A few years back, I was clicking through an Essendon fan forum and there was this post about “something big” about to drop at the Club. At the time, other fans speculated about absurd one-sided trades but the original poster intimated that this was nothing trivial.
Soon after, we had the “Blackest Day in Australian Sport” subsequently followed by media mud-slinging, days in court and a tribunal decision. As a fan, I sided with team and dutifully followed the party line. There was a truth that Essendon couldn’t reveal yet the media received supposedly confidential information that the Club couldn’t openly respond to. In all, my instinct as a fan was to back the Club and coach and treat the media and the AFL as oppressors. This was the typical emotional response in fandom - us versus them.
Over two years, I felt that information would eventually be revealed and as James Hird would say, “put this club in a very, very good position.” Alas, this never came to be and fans have taken their licks: the loss of (now) irreplaceable draft picks, an enormous hit to those cash reserves, and an eventual losing record that finally took the coach. Despite all this, there is still no end and there has been no faith-saving truth.
When Chip Le Grand’s book, The Straight Dope, was released earlier this year, the social response that I saw was glowing. As a fan, I avoided columns written by specific journalists because I didn’t feel that they were balanced. Chip was an unknown, except for some small mental scrap that he once had been at The Age. In this, I felt he had credibility since he wasn’t out hunting for clicks.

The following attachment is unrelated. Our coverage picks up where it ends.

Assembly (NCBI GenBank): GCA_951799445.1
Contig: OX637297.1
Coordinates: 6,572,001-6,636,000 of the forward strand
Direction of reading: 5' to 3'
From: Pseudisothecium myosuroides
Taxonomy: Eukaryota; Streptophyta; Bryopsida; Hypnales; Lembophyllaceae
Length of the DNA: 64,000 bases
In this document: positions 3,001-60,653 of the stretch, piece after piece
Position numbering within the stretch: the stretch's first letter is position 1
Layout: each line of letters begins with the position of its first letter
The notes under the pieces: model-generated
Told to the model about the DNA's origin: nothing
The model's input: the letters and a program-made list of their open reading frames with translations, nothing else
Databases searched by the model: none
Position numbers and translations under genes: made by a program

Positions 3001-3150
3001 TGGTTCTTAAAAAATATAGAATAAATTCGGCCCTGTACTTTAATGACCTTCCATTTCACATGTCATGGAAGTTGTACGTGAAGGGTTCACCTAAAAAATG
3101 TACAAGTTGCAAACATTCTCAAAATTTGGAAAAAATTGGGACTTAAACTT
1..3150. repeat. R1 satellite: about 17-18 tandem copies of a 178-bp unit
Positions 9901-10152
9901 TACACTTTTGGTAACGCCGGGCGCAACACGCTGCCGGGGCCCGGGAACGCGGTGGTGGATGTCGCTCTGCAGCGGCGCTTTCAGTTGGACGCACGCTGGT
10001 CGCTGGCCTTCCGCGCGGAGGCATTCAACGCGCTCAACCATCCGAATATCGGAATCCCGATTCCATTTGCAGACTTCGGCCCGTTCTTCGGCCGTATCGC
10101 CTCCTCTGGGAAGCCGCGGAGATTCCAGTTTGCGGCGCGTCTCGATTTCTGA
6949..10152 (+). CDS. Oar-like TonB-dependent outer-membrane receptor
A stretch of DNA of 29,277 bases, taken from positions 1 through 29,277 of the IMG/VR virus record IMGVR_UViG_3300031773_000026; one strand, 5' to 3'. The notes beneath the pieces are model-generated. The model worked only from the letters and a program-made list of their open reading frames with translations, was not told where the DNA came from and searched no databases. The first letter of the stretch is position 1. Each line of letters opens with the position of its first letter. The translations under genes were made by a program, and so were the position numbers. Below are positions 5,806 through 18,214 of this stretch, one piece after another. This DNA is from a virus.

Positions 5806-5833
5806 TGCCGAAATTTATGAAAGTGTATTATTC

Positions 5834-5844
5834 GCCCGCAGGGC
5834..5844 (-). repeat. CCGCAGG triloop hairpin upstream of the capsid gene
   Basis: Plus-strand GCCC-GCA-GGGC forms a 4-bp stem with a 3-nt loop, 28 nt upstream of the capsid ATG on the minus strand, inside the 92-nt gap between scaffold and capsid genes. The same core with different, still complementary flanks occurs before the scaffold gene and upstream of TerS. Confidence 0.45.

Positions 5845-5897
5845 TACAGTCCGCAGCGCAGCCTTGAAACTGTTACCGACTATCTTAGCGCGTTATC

The book fills the gaps that was often neglected in the public sphere. Sourcing information from the volumes of interviews and court documents compiled throughout the Saga, The Straight Dope puts together the pieces about the characters and their intentions. This book satisfied my need for information; I have come to terms with the pain that my Club was poorly run and the flow on effects from that.
While satisfyingly chronological, the book breaks down the actions and infers the motivation of the various parties. For an event that dragged on for over two years, understanding how ASADA, the AFL and Essendon maneuvered for credibility through the actions of its individual agents gives the reader the best collective perspective on the Saga.
The Sports Scientists are put through a journalistic inspection - they are capitalists in the very worst sense, seeing a market opportunity in a grey area of legality and morality. Essendon management neglected to consult their own medical team, assuming that the right thing was being done. The sport’s governing body used an old boys’ network to get business done and would throw its weight around if it didn’t get its way. Finally, there was the body charged with identifying drug cheats but without the necessary legal powers or even the spending ability to send investigators to overseas when necessary.
In all, each party had their own failing. The book suggests that there are no winners. Except the lawyers.